8. Despite the best processes, traces remained in the end product; this posed problems in situations where compounds of very high purity were required, like in the manufacture of medicines.
  9. Also, metals required an environment free of water and oxygen, which was difficult to ensure on an industrial scale.
  10. Enzymes on the other hand, work best when water is used as a medium for the chemical reaction. But that is not an environment suitable for all kinds of chemical reactions.


  1. Organic compounds are mostly naturally-occurring substances, built around a framework of carbon atoms and usually containing hydrogen, oxygen, nitrogen, sulphur, or phosphorus.
  2. Life-supporting chemicals like proteins, which are long chains of amino acids (carbon compounds containing nitrogen and oxygen) are organic.
  3. Enzymes are also proteins, and therefore, organic compounds. These are responsible for many essential biochemical reactions.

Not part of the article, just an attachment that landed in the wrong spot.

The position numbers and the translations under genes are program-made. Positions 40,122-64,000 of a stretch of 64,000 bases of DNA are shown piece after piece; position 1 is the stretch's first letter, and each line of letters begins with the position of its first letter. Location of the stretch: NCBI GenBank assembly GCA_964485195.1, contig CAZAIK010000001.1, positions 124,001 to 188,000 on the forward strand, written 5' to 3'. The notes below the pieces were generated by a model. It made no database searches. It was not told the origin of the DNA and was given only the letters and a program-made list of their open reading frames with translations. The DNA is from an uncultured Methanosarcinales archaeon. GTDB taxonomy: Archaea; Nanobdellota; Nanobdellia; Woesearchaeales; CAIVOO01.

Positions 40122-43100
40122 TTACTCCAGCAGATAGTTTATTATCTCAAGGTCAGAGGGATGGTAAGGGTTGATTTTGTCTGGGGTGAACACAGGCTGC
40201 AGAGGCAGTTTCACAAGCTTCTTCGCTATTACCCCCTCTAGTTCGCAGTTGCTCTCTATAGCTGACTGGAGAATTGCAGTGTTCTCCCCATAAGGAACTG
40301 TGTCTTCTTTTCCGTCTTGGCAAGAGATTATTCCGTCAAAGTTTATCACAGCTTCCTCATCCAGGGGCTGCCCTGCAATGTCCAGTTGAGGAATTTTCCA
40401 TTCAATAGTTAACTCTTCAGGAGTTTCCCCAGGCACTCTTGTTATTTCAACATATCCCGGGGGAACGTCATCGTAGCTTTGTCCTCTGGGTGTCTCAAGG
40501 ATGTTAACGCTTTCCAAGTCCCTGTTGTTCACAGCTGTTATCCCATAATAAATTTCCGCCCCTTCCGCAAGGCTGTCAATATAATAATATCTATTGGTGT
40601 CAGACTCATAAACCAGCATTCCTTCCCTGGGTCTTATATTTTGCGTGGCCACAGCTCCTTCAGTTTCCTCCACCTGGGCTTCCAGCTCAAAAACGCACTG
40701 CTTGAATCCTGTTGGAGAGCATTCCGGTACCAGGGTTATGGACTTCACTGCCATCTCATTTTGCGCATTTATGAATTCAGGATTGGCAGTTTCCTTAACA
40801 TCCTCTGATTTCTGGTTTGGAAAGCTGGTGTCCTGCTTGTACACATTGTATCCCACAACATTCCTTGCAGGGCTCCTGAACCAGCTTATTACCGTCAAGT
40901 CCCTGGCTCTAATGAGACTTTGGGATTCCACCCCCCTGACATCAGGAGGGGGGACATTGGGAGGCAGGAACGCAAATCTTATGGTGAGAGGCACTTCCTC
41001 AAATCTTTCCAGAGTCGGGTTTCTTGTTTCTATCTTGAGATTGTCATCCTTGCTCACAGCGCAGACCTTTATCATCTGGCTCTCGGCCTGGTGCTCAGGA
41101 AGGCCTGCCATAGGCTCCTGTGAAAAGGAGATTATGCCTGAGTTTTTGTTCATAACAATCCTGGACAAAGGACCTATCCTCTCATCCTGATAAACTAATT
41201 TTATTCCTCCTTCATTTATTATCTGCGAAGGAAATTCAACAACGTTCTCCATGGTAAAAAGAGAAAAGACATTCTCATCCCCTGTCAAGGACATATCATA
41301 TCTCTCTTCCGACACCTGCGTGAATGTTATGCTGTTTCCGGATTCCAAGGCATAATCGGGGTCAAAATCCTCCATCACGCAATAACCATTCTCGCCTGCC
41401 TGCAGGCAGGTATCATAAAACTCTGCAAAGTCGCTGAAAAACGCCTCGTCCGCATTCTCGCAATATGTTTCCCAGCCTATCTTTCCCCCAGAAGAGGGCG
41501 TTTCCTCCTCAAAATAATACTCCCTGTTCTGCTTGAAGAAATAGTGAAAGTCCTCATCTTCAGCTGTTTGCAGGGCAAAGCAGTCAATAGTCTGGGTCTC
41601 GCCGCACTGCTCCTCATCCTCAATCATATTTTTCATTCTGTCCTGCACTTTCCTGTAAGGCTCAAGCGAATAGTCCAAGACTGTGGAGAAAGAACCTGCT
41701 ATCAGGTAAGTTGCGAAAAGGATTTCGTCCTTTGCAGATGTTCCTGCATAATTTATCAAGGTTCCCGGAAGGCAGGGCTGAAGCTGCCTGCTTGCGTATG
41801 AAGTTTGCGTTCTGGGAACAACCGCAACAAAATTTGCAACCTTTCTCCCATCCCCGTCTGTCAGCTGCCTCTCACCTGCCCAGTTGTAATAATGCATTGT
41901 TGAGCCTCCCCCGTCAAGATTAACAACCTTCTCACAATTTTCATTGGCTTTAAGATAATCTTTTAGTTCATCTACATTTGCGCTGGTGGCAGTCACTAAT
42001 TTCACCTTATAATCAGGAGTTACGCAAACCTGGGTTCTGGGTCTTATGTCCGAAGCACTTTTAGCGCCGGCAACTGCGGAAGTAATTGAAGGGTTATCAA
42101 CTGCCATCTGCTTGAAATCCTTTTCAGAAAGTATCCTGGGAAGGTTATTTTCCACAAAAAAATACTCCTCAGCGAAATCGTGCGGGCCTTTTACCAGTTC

4. Organocatalysts allow several steps in a production process to be performed in an unbroken sequence, considerably reducing waste in chemical manufacturing.
  5. Organocatalysis has developed at an astounding speed since 2000. Benjamin List and David MacMillan remain leaders in the field, and have shown that organic catalysts can be used to drive multitudes of chemical reactions.
  6. Using these reactions, researchers can now more efficiently construct anything from new pharmaceuticals to molecules that can capture light in solar cells.

Asymmetric Organocatalysis:

  1. The process called asymmetric organocatalysis, has made it much easier to produce asymmetric molecules – chemicals that exist in two versions, where one is a mirror image of the other.
  2. Chemists often just want one of these mirror images – particularly when producing medicines – but it has been difficult to find efficient methods for doing this.
  3. Some molecules with mirror versions have different properties. An example is the chemical called carvone, which has one form that smells like spearmint and a counterpart that smells like the herb, dill.
  4. Different versions of the same molecule might have different effects when ingested. Then it becomes important to be able to make only the mirror image of a drug that has the desired physiological effect.